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ARS Home » Northeast Area » Beltsville, Maryland (BARC) » Beltsville Agricultural Research Center » Animal Biosciences & Biotechnology Laboratory » Research » Publications at this Location » Publication #303651

Research Project: Functional Genomics Approaches for Controlling Diseases of Poultry

Location: Animal Biosciences & Biotechnology Laboratory

Title: Dietary supplementation of young broiler chickens with capsicum and turmeric oleoresin increases resistance to necrotic enteris

Author
item Lee, Sung
item Lillehoj, Hyun
item Jang, Seung - Us Department Of Agriculture (USDA)
item Lillehoj, Erik - University Of Maryland
item Min, Wongi - Gyeongsang National University
item Bravo, David - Pancosma Sa

Submitted to: American Association of Avian Pathologists
Publication Type: Abstract Only
Publication Acceptance Date: 4/14/2014
Publication Date: N/A
Citation: N/A

Interpretive Summary:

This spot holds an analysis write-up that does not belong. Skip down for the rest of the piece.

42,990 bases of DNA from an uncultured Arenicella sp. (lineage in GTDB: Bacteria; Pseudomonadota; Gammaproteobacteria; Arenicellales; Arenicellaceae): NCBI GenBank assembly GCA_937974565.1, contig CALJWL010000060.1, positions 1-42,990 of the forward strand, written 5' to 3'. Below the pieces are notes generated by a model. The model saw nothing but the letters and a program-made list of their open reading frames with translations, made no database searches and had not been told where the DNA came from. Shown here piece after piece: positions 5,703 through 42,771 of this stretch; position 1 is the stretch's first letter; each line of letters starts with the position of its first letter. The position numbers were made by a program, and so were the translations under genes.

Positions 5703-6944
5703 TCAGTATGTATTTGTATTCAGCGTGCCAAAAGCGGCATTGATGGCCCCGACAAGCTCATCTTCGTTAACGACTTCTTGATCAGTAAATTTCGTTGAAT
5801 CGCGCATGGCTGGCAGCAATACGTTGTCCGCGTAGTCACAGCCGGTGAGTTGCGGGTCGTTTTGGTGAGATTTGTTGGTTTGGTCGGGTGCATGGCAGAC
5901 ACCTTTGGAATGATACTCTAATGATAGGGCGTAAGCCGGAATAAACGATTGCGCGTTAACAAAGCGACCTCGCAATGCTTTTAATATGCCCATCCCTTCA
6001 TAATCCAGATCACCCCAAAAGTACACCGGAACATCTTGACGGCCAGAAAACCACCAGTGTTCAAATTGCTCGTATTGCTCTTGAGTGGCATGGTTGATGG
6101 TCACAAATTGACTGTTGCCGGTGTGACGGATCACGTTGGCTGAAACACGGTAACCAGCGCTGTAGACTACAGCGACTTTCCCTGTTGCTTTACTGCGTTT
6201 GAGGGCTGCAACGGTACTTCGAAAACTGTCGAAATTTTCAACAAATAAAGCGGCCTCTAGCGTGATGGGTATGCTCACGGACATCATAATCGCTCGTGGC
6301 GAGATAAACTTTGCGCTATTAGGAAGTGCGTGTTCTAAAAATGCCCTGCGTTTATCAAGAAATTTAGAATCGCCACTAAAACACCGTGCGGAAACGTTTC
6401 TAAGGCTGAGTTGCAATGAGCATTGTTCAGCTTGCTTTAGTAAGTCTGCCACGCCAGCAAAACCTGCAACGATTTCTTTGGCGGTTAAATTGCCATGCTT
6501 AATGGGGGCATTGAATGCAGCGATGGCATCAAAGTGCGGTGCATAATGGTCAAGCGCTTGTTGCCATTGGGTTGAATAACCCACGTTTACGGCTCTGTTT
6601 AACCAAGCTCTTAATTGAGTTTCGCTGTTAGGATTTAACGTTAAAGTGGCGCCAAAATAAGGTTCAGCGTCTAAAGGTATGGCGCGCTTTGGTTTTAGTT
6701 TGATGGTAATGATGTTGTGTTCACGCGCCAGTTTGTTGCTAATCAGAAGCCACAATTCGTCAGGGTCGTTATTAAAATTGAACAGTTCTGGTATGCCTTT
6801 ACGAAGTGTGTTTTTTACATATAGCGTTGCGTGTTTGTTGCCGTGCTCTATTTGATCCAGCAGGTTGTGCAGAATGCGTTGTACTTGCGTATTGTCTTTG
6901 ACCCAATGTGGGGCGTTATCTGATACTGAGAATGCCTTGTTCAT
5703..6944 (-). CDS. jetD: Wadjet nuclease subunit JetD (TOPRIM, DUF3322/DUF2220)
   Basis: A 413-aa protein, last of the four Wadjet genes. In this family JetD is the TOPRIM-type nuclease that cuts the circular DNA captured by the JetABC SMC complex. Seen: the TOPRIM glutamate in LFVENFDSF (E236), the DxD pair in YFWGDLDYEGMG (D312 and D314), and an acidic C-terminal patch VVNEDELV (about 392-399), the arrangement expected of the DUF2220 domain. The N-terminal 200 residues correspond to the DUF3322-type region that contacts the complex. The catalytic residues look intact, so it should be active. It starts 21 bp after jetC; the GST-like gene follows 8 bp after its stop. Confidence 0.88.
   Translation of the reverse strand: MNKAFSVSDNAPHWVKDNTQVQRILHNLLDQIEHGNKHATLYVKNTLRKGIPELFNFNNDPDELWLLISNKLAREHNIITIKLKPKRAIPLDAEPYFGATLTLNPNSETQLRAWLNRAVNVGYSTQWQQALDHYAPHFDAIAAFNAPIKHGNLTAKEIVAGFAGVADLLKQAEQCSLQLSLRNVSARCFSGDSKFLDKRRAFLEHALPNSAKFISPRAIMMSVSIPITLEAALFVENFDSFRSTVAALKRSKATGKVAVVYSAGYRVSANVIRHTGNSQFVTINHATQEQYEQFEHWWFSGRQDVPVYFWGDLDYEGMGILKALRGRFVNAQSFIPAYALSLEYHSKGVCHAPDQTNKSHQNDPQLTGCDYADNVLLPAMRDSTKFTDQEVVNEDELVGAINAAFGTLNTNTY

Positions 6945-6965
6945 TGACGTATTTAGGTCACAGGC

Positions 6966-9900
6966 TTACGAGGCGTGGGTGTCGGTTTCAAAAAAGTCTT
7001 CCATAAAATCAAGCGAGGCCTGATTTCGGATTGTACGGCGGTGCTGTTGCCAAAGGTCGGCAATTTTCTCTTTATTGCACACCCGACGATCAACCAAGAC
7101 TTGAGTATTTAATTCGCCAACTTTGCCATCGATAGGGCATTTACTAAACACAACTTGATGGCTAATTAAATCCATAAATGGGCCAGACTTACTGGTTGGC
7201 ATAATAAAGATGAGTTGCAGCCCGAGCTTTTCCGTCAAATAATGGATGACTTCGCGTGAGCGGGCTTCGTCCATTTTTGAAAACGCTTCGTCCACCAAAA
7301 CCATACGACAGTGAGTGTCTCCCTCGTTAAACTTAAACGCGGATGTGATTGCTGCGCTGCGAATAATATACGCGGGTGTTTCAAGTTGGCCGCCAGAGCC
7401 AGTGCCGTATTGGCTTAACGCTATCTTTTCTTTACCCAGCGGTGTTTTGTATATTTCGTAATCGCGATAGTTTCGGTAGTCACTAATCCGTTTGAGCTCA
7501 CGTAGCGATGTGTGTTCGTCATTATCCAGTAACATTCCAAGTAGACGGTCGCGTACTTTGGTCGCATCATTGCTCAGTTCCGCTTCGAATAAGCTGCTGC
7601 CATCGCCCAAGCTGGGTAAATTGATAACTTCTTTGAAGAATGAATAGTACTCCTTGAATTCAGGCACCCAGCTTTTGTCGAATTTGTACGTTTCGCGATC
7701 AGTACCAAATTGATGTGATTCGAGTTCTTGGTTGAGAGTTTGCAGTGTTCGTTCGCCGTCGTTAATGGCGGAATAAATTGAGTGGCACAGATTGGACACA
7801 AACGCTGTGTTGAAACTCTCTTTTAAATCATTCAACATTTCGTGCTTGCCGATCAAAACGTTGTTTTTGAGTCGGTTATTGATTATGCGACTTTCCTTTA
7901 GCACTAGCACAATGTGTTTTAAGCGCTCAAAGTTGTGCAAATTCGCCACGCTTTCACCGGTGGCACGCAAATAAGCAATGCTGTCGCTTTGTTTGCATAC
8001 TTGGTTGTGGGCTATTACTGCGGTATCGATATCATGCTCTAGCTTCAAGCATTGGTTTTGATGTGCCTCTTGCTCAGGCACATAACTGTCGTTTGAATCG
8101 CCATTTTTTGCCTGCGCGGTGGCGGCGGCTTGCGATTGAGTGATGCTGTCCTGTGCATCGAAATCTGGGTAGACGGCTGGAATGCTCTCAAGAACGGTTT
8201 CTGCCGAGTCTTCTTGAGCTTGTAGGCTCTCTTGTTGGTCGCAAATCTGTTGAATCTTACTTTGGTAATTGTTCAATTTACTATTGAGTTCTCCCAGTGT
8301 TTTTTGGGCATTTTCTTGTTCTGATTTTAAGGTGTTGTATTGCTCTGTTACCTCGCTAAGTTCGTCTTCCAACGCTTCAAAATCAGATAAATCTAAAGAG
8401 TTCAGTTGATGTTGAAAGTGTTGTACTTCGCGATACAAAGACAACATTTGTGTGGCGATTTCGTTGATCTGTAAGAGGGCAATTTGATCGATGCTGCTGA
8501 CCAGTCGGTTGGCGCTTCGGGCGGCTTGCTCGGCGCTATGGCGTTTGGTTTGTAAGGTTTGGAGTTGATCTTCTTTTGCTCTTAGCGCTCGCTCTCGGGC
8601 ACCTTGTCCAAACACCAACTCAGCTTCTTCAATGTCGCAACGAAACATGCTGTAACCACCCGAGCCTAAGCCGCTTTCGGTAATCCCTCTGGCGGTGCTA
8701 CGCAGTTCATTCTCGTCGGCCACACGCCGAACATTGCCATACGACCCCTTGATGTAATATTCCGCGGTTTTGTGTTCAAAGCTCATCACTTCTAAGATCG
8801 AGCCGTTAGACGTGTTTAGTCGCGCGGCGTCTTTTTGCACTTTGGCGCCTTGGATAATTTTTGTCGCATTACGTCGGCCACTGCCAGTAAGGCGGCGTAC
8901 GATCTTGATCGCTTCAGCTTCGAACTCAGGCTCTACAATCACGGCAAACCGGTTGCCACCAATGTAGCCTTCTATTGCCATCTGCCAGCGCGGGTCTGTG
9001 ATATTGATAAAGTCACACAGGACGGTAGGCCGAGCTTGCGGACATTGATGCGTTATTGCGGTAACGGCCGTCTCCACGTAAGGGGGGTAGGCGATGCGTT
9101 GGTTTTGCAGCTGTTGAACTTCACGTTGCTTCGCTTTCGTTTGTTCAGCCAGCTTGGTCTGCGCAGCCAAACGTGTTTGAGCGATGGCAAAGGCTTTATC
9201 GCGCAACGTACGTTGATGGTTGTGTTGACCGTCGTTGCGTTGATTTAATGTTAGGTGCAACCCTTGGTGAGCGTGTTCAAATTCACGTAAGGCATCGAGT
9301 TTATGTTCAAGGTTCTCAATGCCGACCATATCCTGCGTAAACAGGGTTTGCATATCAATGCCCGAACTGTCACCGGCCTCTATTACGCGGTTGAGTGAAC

Technical Abstract: The Clostridium-related poultry disease, necrotic enteritis (NE), causes substantial economic losses on a global scale. In this study, a mixture of two plant-derived phytonutrients, Capsicum oleoresin and turmeric oleoresin (XT), was evaluated for its effects on local and systemic immune responses using a co-infection model of experimental NE in commercial broilers. Chickens were fed from hatch with a diet supplemented with XT, or with a non-supplemented control diet, and either uninfected or orally challenged with virulent Eimeria maxima oocyts at 14 d and Clostridium perfringens at 18 d of age. Parameters of protective immunity were 1) body weight, 2) gut lesions, 3) serum levels of C. perfringens a-toxin and NetB toxin, 4) serum levels of antibodies to a-toxin and NetB toxin, and 5) levels of gene transcripts encoding proinflammatory cytokines and chemokines in the intestine and spleen. Infected chickens fed the XT-supplemented diet had increased body weight and reduced gut lesion scores compared with infected birds given the non-supplemented diet. The XT-fed group also displayed decreased serum a-toxin levels and reduced intestinal IL-8, LITAF, IL-17A, and IL-17F mRNA levels, while cytokine/chemokine levels in splenocytes increased in the XT-fed group, compared with animals fed the control diet. In conclusion, this study documents the molecular and cellular immune changes following dietary supplementation with extracts of Capsicum and turmeric that may be relevant to protective immunity against avian NE.